Tuesday, April 16, 2013

Nothing in the Papers

It was a summer evening in 1895 when a Cockney tramp, one Charles Rogers, stepped out of a Rhayader hostelry wondering where he would spend the night.  The town's police officers - James Niblett and Thomas Lloyd had recently joined the Radnorshire force from the Shropshire Constabulary, while Arthur Thomas had only been a policeman for a few weeks - were sure that Rogers should not be allowed to disturb the peace of the town.

Two uniformed figures were seen following Rogers as he wandered off in the direction of Builth and a few minutes later shouts and the sound of a beating could be heard.  The next morning Hugh Mason, a postman, discovered the tramp, lying in a pool of blood by the roadside.  Rogers was carried to the nearby workhouse where his condition was described as critical, his back covered in welts, much bruising and suspicions of severe internal injuries.

All very depressing but ........  a few days later the three officers were up before the magistrates.  Lloyd had witnesses who put him in Cwm Elan at the time of the attack but Niblett and Thomas were bailed to the next assizes in Presteigne.  Half a dozen townsfolk had no hesitation in standing up to give evidence against the pair, the jury returned guilty verdicts and Niblett and Thomas received nine months hard labour for the beating administered to the, by then, recovered tramp.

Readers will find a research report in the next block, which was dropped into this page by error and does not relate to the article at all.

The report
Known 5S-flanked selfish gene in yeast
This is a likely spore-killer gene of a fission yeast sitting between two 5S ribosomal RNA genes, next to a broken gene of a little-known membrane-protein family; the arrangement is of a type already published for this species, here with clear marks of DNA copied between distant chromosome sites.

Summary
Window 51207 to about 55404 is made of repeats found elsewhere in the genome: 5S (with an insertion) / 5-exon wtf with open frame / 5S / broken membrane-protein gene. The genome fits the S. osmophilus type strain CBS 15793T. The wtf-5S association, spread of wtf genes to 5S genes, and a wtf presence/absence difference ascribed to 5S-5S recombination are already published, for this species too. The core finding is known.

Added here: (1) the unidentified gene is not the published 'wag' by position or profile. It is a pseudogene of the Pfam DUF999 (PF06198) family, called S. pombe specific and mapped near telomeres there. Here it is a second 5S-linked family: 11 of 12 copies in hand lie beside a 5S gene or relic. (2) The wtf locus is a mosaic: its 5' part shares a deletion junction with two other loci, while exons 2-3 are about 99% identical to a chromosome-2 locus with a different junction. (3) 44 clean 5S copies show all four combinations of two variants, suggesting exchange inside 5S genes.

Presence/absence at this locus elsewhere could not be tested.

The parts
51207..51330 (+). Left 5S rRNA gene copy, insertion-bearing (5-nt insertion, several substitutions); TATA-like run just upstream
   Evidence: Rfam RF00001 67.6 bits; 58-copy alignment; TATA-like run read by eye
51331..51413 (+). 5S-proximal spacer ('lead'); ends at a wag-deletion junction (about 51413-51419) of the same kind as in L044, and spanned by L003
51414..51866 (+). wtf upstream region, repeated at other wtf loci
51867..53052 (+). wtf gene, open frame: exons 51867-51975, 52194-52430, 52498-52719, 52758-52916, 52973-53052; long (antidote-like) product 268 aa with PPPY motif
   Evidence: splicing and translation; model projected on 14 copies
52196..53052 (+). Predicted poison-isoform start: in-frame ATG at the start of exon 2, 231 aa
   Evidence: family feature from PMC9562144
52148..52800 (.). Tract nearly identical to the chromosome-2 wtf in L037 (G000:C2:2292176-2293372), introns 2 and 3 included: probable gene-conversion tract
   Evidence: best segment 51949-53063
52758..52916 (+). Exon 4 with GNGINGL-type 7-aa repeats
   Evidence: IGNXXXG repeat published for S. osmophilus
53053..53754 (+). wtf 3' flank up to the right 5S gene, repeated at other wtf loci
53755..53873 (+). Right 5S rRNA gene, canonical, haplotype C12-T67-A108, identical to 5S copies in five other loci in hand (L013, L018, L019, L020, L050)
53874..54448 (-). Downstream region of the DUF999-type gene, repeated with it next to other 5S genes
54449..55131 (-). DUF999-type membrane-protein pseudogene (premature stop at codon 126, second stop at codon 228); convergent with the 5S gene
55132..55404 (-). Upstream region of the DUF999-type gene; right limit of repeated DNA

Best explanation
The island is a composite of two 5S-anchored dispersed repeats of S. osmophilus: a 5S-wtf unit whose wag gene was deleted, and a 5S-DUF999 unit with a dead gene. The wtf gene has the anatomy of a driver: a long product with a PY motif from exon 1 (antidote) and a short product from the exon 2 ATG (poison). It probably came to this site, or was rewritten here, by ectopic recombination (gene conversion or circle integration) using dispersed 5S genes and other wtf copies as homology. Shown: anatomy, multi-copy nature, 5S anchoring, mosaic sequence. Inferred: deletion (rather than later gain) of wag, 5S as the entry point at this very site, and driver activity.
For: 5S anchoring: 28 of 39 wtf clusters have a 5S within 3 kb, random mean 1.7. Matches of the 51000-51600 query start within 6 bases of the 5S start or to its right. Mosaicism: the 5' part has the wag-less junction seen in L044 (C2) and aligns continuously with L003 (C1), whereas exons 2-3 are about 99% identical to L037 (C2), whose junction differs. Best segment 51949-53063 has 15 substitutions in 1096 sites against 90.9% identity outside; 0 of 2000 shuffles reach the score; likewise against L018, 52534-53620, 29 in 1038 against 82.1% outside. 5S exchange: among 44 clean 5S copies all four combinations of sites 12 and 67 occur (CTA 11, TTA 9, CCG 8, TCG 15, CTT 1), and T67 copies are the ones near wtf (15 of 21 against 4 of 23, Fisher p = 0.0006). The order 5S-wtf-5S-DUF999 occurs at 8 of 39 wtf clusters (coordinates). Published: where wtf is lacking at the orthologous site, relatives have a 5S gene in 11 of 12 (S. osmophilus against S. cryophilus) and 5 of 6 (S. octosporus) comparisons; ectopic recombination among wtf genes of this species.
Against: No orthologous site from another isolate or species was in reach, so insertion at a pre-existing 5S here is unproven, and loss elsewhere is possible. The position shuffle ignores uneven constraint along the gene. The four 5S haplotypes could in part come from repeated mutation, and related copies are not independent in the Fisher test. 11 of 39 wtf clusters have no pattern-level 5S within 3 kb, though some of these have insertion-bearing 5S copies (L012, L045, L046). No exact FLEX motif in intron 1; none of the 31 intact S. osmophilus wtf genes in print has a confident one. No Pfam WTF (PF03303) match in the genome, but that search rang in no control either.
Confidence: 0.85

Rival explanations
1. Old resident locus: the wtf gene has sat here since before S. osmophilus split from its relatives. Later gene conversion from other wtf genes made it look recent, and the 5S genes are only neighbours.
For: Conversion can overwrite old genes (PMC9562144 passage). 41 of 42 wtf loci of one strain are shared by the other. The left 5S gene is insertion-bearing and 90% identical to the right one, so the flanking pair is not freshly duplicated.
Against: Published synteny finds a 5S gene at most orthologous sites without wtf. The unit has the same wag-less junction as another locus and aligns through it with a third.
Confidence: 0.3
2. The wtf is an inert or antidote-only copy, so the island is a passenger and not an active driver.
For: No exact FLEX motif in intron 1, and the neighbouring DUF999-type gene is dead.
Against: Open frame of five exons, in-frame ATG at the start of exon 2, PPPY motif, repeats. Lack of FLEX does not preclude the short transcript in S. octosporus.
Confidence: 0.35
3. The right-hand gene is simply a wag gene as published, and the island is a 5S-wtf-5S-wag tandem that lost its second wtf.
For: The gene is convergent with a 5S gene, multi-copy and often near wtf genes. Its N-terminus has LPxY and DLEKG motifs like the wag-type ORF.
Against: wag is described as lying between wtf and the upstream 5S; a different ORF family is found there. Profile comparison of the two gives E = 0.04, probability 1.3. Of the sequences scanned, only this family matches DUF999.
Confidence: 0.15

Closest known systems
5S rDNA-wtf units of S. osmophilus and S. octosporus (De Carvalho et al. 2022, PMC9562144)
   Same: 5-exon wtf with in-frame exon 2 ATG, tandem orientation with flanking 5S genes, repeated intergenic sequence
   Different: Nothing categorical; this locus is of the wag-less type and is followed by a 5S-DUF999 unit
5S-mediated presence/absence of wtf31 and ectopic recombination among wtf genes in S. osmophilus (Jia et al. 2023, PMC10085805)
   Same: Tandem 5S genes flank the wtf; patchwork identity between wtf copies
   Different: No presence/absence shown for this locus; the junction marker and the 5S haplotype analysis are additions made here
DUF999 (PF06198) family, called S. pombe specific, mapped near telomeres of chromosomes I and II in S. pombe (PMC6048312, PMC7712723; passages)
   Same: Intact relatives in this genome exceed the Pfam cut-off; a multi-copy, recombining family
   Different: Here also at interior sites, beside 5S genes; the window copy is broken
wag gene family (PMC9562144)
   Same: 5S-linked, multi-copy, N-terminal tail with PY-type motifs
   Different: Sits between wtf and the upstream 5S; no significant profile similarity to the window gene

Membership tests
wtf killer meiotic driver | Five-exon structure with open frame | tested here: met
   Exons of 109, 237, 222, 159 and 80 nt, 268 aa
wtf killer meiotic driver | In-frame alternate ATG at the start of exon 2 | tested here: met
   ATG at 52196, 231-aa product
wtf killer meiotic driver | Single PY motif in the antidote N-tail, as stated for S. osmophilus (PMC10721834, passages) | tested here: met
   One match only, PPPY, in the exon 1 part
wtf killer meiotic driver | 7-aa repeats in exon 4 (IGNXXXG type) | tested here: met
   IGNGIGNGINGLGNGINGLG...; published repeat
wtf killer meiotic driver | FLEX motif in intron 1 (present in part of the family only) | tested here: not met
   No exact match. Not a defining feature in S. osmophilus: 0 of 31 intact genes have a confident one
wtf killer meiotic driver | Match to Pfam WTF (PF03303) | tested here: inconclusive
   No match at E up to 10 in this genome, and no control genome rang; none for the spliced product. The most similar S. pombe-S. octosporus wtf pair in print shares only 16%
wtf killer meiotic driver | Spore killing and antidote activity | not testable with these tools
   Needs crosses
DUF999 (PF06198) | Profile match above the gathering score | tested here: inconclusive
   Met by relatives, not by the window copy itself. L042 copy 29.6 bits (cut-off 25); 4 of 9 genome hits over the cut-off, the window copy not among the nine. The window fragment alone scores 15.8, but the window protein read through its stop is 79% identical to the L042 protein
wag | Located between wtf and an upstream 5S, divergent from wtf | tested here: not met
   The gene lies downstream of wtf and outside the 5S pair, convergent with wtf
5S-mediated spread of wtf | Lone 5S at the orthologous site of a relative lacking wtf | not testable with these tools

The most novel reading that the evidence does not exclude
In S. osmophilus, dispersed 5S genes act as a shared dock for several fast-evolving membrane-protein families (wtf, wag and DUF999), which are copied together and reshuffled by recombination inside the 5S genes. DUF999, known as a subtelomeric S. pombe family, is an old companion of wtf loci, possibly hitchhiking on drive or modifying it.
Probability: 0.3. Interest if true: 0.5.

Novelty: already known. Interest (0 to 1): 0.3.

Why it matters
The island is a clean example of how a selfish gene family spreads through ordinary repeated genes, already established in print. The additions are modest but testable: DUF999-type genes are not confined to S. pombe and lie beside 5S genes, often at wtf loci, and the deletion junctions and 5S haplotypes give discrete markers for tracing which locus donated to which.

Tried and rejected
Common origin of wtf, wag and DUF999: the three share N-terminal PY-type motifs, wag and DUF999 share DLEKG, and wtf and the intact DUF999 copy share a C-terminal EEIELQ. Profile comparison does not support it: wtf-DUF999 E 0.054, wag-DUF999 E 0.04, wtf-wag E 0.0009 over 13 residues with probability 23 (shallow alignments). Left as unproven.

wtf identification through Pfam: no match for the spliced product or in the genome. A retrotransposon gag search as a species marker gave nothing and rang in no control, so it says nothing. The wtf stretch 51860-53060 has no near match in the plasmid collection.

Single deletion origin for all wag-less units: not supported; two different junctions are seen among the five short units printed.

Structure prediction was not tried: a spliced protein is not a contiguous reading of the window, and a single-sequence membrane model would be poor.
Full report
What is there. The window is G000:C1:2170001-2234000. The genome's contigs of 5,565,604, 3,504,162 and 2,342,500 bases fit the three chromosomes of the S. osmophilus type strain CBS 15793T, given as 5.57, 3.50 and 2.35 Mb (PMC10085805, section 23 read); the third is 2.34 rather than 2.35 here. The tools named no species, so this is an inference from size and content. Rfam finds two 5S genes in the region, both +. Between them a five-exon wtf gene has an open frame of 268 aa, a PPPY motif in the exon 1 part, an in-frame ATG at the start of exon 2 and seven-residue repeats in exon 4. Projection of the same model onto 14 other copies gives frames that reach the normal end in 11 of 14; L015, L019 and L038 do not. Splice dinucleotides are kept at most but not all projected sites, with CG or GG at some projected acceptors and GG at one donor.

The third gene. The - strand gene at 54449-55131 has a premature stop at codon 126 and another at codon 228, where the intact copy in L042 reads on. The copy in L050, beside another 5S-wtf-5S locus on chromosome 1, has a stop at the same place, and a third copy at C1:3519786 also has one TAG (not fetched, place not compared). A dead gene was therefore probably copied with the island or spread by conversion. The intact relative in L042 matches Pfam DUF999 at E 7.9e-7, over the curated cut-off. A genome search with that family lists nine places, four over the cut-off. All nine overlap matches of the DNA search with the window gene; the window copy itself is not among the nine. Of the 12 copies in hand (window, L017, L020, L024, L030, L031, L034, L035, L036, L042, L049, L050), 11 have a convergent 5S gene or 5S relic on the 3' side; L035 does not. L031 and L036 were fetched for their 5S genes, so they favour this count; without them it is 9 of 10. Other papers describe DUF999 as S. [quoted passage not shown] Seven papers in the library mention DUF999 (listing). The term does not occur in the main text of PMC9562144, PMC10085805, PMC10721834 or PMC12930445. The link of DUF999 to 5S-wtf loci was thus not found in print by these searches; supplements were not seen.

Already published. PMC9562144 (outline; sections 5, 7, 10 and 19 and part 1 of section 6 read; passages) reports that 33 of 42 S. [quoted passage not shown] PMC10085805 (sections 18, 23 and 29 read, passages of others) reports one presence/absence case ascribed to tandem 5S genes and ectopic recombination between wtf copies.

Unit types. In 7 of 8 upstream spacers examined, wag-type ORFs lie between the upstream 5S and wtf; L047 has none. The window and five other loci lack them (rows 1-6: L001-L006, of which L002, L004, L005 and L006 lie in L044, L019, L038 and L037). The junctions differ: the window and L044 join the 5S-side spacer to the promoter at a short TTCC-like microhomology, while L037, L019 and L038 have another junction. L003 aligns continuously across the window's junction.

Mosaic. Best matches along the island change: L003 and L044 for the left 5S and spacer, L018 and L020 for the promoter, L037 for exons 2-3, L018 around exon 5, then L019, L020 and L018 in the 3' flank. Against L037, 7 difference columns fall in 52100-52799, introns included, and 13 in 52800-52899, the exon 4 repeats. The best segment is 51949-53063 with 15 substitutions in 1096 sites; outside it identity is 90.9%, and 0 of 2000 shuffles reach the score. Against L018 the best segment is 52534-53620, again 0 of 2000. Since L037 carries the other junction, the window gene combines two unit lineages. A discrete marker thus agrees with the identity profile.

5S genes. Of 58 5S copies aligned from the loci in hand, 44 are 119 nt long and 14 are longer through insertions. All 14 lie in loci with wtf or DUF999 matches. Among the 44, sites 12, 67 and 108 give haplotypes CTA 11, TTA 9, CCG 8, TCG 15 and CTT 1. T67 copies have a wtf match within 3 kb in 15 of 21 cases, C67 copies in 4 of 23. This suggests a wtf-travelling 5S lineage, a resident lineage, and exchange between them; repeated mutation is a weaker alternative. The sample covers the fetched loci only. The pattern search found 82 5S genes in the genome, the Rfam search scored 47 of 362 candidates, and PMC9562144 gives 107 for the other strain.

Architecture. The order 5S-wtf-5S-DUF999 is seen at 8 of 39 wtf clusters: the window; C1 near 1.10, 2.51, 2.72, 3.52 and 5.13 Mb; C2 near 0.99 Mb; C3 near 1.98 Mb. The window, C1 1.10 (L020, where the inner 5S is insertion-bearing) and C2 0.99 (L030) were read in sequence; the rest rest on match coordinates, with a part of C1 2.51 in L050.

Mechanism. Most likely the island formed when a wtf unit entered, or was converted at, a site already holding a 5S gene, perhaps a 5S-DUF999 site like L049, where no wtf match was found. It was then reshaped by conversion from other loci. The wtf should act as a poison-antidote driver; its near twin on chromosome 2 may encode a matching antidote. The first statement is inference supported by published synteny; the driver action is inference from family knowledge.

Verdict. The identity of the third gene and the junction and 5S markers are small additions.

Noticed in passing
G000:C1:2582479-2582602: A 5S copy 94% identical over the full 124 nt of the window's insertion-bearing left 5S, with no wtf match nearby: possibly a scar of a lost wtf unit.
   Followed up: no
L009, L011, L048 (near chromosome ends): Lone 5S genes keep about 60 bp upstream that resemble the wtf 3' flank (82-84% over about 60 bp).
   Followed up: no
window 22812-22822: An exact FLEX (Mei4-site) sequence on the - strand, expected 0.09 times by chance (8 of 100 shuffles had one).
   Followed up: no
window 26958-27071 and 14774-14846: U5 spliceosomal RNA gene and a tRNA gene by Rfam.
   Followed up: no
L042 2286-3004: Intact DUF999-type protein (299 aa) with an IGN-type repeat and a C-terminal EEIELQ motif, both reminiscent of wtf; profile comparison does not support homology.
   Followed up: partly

You won't find any mention of this event in Inspector Maddox's History of the Radnorshire Constabulary but then the popular inspector also failed to cover the forced resignation* of the Chief Constable Elystan Lloyd a couple of years later, surely the most momentous event in the history of the county force. Organisations like to keep their dirty washing firmly out of sight, even if, in the Inspector's case, it was some 60 years or more after the event!  How pleased such institutions and their servants must be with the Leveson proposals and how puzzled the commoners of the 1890s would have been with the pathetic clamour to muzzle the press.

* The Home Office refused to hand over the county's £800 policing grant  until the Chief Constable was replaced.

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